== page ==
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Pediatrics. 2006 Mar;117(3):722-8.

Variation in the diagnosis of child abuse in severely injured infants.

Author information

1
Department of Pediatrics, Boston Medical Center, Boston, Massachusetts, USA.

Erratum in

  • Pediatrics. 2006 Sep;118(3):1324. Wadimmba, Anthony [corrected to Waddimba, Anthony].

Abstract

OBJECTIVE:

Diagnosis of child abuse is difficult and may reflect patient, practitioner, and system factors. Previous studies have demonstrated potential lethal consequences if cases of abuse are missed and suggested a role for continuing medical education in improving the accuracy of diagnosis of suspected abuse. Although the majority of injured American children are treated at general hospitals, most published studies of severe injury resulting from child abuse have been conducted at children's hospitals. The objective of this study was to evaluate the role of hospital type in observed variations in the frequency of diagnosis of child physical abuse among children with high-risk injuries.

METHODS:

Hospital discharge data were evaluated, and adjusted rates of abuse diagnosis were reported according to hospital type. A regression model estimated the number of cases of abuse that would have been diagnosed if all hospitals identified abuse as frequently as observed at pediatric specialty hospitals. This study consisted of children who were <1 year old and admitted to US hospitals in 1997 for treatment of traumatic brain injury or femur fracture, excluding penetrating trauma or motor-vehicle-related injury. A total of 2253 weighted cases were analyzed.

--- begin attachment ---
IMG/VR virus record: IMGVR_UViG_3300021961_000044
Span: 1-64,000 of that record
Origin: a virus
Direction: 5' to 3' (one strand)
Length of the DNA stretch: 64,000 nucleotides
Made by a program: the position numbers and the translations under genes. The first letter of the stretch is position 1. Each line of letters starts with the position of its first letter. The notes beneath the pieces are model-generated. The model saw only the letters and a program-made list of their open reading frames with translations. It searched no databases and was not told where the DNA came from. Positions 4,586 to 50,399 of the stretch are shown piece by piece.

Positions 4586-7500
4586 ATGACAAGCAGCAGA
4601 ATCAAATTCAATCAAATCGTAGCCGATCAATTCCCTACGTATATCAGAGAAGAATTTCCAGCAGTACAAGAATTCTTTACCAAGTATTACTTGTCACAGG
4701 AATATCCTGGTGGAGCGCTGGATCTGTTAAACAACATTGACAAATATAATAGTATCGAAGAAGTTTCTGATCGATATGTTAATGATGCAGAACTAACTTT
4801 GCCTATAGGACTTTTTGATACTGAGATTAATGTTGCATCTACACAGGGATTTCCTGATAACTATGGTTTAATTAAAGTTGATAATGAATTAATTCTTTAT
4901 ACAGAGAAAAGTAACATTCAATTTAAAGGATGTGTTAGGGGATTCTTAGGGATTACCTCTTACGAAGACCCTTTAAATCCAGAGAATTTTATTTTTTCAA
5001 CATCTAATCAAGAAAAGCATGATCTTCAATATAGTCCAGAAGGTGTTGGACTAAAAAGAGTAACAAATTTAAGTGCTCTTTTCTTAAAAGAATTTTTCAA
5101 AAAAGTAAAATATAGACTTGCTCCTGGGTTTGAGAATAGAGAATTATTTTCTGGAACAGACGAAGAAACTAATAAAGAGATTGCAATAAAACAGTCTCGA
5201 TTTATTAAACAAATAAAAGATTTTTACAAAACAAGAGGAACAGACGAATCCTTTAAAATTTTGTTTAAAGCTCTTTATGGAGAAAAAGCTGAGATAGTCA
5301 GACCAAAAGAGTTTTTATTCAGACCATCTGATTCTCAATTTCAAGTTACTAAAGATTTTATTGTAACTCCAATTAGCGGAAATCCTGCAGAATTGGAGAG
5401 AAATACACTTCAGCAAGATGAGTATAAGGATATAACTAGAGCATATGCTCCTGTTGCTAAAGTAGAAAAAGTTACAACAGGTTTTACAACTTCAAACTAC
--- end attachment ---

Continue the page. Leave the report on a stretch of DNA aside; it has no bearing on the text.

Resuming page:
RESULTS:

The proportion of patients with a medical diagnosis of child abuse varied widely between hospital types: 29% of the cases were diagnosed as abuse at children's hospitals compared with 13% at general hospitals. An estimated 178 infants (39% of total) with these specific injuries would have been identified as abused had they been treated at children's rather than general hospitals.

CONCLUSIONS:

Hospital type was associated with large variations in the frequency of diagnosis of child abuse. This variation was not related to observed differences in the patients or their injuries and may result from systematic underdiagnosis in general hospitals. This result has implications for quality-improvement programs at general hospitals, where the majority of injured children in the United States receive emergent medical care.

PMID:
16510652
DOI:
10.1542/peds.2004-2731
[Indexed for MEDLINE]
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